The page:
Tuesday, June 23, 2009

She Wants to Get Back

When I first started writing, it was an activity inextricably linked with walking. But there was a long period of walking which never resulted in writing.

I had just moved to Panchsheel Enclave in South Delhi. We moved there from Portland, Oregon. In my old life I walked as a way to escape the depression of being in the house all day. So rain or shine, and mostly rain, I bundled my three and nephew makes a fourth, into all the appropriate gear and shoved off each morning to drop the older two at school. A walk of ten to fifteen blocks, sometimes longer if, after dropping the elder two, I felt like walking further – maybe to the train yards to wave at the freight trains switching tracks. If the driver waved back, joy all around, and less guilt for me looking at rain-damp heads and noses red and running from nippy air. In those walks I communed endlessly with myself. Random fragments of narratives moved in and out of my consciousness. I turned words over, but mostly I little handled them, letting them drift into my line of vision and back out to the ether.

I made this trip to the children’s school and back thrice daily because those years there was always at least one child too young for a full day of schooling. I know I was thought the neighbourhood crazy lady. This period lasted a good six years.

Something shifted for me once in Delhi. I walked in the jungle park bordering my colony—a place, lovely and crowded, like so many in Delhi. A small search here yielded solitude. Solitude, by the way, isn’t at all the same thing as loneliness. In fact solitude is the best cure for loneliness. Walking here I found myself and again became my own best companion—the left right rhythm of walking merging my left right selves, so they spoke to each other. And this time I gave chase to the words floating into and out of me. I wanted to know where they came from and where they were headed. I was not content to think, how extraordinary, as an image emerged then vanished. I wanted to turn it over in my hands, examine it from all angles to see what made it work, and I wanted to replicate it on the page, where it would yield its meaning at my will. But what is extraordinary, when it is suspended between left and right, me and I, becomes less so on possession. I wonder sometimes if that is the way it will always be.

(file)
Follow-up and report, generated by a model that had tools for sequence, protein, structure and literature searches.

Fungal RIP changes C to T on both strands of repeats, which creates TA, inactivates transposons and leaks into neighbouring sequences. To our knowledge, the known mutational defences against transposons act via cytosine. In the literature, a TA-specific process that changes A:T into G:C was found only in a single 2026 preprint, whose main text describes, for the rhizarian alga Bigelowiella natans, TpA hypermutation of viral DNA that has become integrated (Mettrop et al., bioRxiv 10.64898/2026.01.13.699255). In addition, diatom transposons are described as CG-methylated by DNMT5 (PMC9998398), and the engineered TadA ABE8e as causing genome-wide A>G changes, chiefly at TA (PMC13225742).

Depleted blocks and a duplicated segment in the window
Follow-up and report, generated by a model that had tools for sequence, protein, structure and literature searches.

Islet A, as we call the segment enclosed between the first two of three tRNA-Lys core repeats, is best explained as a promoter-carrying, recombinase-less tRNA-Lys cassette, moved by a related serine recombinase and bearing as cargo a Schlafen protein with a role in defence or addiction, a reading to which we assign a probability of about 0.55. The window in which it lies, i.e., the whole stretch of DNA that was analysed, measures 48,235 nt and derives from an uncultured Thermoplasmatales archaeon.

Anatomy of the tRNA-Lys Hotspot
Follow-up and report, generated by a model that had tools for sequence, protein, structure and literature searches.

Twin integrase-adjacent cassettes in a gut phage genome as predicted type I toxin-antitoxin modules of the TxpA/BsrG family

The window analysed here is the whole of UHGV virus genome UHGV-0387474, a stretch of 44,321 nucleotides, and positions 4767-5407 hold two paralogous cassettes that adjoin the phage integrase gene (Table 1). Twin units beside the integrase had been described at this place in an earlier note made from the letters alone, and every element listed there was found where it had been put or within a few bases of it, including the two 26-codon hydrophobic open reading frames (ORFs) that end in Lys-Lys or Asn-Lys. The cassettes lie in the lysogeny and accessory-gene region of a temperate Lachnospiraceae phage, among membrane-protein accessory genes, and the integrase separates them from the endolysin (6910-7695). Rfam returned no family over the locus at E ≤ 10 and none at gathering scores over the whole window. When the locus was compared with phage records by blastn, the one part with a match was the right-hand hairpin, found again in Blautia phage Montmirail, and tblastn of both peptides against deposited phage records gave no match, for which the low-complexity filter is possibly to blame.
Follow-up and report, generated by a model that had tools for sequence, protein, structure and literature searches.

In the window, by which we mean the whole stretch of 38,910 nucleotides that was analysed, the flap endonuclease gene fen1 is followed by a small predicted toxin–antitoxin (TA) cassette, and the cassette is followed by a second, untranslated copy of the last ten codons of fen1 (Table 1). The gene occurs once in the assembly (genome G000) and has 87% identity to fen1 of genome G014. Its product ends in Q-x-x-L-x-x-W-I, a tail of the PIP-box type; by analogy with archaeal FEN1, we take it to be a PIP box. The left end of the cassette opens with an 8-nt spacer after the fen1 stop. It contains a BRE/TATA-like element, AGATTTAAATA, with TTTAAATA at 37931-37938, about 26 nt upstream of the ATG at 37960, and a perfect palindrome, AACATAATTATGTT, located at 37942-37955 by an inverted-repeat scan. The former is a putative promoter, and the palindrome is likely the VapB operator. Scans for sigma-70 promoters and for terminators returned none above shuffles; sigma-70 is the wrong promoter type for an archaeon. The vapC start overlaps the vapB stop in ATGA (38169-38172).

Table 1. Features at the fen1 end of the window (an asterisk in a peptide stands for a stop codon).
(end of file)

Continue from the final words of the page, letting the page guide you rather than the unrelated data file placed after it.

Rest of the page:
What shifted in the course of the Portland to Delhi move is not important to share. That the move was a homecoming had something to do with it. But it wasn’t as simple as I walked in one city and never wrote, walked in another and did. After all, I had begun writing in the weeks prior to the move. The important thing I’ve understood about writing is that walking is a way for me to enter the stories floating in my head. And the satisfaction of story is its ability to merge selves.

When I met my niece for the first time she was a year and a half and just beginning to handle words. She had a number of skits she performed using a repertoire of word-sounds. In the most hilarious of these skits her part called on her to fling her head back, to make eye contact from under slyly lowered lids, to run her tongue over the repeated sound of Ze. She sounded like an engine revving.

Ze ze ze ze ze.

The engine done revving, she paused for a beat. Then: ha ha ha ha (final emphatic) Ha.

The crisis in her performance was in the moment of the pause. A look of knowing in her eyes– the look of one about to create an effect, the look of one who knows the future.

She was a great storyteller then. I saw her again recently after a two year gap. She is three and a half now and still a story teller to learn from. She lives almost exclusively in the third person. And she sees herself in two. Watching her I recognized the way I see myself. When she wants something she has this to say: ‘She wants to give it to Ella.’ If she were a lesser story teller she would stick to ‘Give me…’ or ‘Ella wants …’

Here’s a tragedy she recounted as I played a game of blocking her way in the rather narrow hall outside my mother’s kitchen. Before I knew it, the game had crossed the point of being fun. Ella stopped darting this way and that, squealing and looking for a way around me. She looked at me with tears in her eyes and said, “She wants to get back to Ella.”

1 comment:

  1. I discovered your stories quite by accident and now am hooked. And loking forward to read 'if it is sweet'.
    And u look gorgeous too..:)